So there you are in Pret, your hand hovering over an Italian Prosciutto Artisan Baguette (which, I have to admit, is my favourite), and your eye is caught by a little label. 636 calories. You hesitate. Should you instead opt for half a crayfish sandwich (185 calories)? Or a tuna salad (120 calories)? Hungry and confused, you dither, defeated.
Or maybe you're in Subway, which has now taken over McDonald's as the biggest fast food chain in the world. Calorie information is on the glass counter as you make your choice. A six-inch meatball marinara (my son's favourite) is 511 calories. Or go low fat with a 'Veggie Delite' (202 calories). Or maybe you're in Boots. Here you've struck gold. Whole cabinets full of cold, calorie-counted sandwiches. I hate it. I hate it. All I wanted to do was buy lunch, and instead I'm wrestling with a mental maths challenge. Question one: 'If the average woman is supposed to eat 2,000 calories a day and she's already had a bowl of porridge and two cups of tea, how many calories can she eat at midday and still have enough left over to eat supper at 8.30pm?' All that calculation is bad enough.
But this obsession with calories takes the joy out of eating. It's a bit like having sex with an instruction manual by your side. Mention the word calories, and most women will find a sliding door in their brain whacking open to reveal a huge databank of guilt - half-remembered magazine articles, miserable equations (one slice of toast equal two apples), and memories of hopeless diets. We're skating round a world of lettuce leaves. We're flirting with ideas that make most of us bloody miserable - you can't be too rich or too thin, nothing tastes as good as skinny feels. For a lot of women, the word 'calorie' - so slim, so virtuous - is fat with meaning.
You could argue, in any case - especially with all we now know about yo-yo dieting - that counting calories isn't the best way to keep to a healthy weight. In his lovely book In Defence of Food (Penguin, £9.99), Michael Pollen argues against all the confusion that's been built up by the food industry, nutritional scientists and (oh dear) journalists and says the simple answer to the supposedly incredibly complicated question of how to eat healthily is: Eat food. Not too much. Mostly plants. But the current government says that we have to be realistic.
British people eat lots of ready-made meals, so we have to try and help them make the best decisions. The secretary of state for health Andrew Lansley - the man who hopes to revolutionise the NHS - wants restaurants, takeaways and fast food outlets to provide information about the calories contained in the food they offer. (Even though a similar initiative by the Food Standards Agency a couple of years ago fizzled out rather ingloriously. Most of the food chains gave up on the idea, leaving only a few, like Pret, to fly the flag.) 'In ways like this,' says the Department of Health press office, "people can be empowered to make healthier choices through the provision of information." Can they? I'm not so sure.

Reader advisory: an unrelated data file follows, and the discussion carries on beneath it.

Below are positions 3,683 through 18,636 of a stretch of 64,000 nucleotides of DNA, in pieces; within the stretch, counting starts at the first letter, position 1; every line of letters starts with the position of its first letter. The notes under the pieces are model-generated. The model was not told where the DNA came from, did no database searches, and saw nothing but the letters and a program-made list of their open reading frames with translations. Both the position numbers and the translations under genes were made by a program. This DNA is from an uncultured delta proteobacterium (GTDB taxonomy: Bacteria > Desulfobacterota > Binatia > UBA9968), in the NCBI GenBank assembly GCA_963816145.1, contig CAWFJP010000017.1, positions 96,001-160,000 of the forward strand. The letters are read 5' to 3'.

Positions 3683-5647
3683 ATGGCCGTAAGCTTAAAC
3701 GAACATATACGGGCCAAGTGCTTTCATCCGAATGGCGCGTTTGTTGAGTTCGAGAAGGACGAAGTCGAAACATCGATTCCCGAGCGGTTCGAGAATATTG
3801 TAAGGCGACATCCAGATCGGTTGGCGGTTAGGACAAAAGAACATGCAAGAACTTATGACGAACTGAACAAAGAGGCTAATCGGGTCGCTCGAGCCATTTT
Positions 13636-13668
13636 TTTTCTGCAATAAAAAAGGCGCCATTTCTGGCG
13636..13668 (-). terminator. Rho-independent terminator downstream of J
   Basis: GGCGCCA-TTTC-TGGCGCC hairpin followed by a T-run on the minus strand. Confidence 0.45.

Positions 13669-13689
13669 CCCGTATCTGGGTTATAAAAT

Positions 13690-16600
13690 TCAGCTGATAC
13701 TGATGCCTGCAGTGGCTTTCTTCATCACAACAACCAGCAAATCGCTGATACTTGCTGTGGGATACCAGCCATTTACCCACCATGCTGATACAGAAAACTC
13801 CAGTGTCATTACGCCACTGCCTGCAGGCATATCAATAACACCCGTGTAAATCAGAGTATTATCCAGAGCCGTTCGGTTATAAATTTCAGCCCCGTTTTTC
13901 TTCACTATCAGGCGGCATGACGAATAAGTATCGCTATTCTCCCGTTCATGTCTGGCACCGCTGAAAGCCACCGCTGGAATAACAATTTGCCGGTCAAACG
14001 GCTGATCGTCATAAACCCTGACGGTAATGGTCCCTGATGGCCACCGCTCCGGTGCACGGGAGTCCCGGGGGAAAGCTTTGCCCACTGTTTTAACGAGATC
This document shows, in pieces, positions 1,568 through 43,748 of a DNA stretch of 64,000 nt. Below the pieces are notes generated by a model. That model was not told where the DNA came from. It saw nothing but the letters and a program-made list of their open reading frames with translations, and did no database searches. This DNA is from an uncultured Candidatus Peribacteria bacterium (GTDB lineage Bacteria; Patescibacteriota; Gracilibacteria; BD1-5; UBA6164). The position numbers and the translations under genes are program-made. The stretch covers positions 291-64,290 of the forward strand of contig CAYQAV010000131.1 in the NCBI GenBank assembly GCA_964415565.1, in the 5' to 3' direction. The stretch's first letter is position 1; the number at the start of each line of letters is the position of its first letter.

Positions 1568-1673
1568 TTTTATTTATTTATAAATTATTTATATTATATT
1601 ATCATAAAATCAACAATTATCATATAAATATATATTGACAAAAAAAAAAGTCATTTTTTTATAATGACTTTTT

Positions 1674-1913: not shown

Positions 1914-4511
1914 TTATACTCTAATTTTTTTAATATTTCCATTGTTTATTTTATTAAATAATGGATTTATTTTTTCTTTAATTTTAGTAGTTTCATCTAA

Larger fast-food chains in New York have had to display information about calories since 2008. But a recent study, published in the International Journal of Obesity, found that while 57 took the information into account when they ordered. Nearly three-quarters of them said that the most important factor affecting their choice was taste. Admittedly, these were teenagers - and teenagers are often so ravenously hungry they'd probably eat Andrew Lansley himself if he came with a tasty barbecue sauce. But labelling food with calorie content seems pretty pointless if the next generation chooses to ignore it.
Subway is currently conducting research in 50 of its stores to try and pinpoint how and where its customers would like calorie information displayed. It's keen to emphasise its commitment to healthy eating - its website www.subway.co.uk makes a point of telling you about the American college student Jared Fogle who lost 17½ stone by eating nothing but Subway sandwiches for a year. So maybe I should ask them to take a few points into consideration. These are: 1) most women don't want to stand in a lunch queue practising their maths skills; 2) a lot of women can't concentrate at 4.30pm because they've intimidated themselves into buying the kind of low-calorie lunch that would satisfy only a dieting gnat; 3) it is a truth universally acknowledged that you can stuff yourself silly on fresh raw vegetables, stay a healthy weight and never have to know the calorific value of any of them; and 4) it is probably not a good idea for anyone - man, woman or child - to buy a foot-long sandwich full of melted cheese.
And please, Pret A Manger, when you see me coming, would you hide all the calorie information about your Italian Prosciutto Artisan Baguette?
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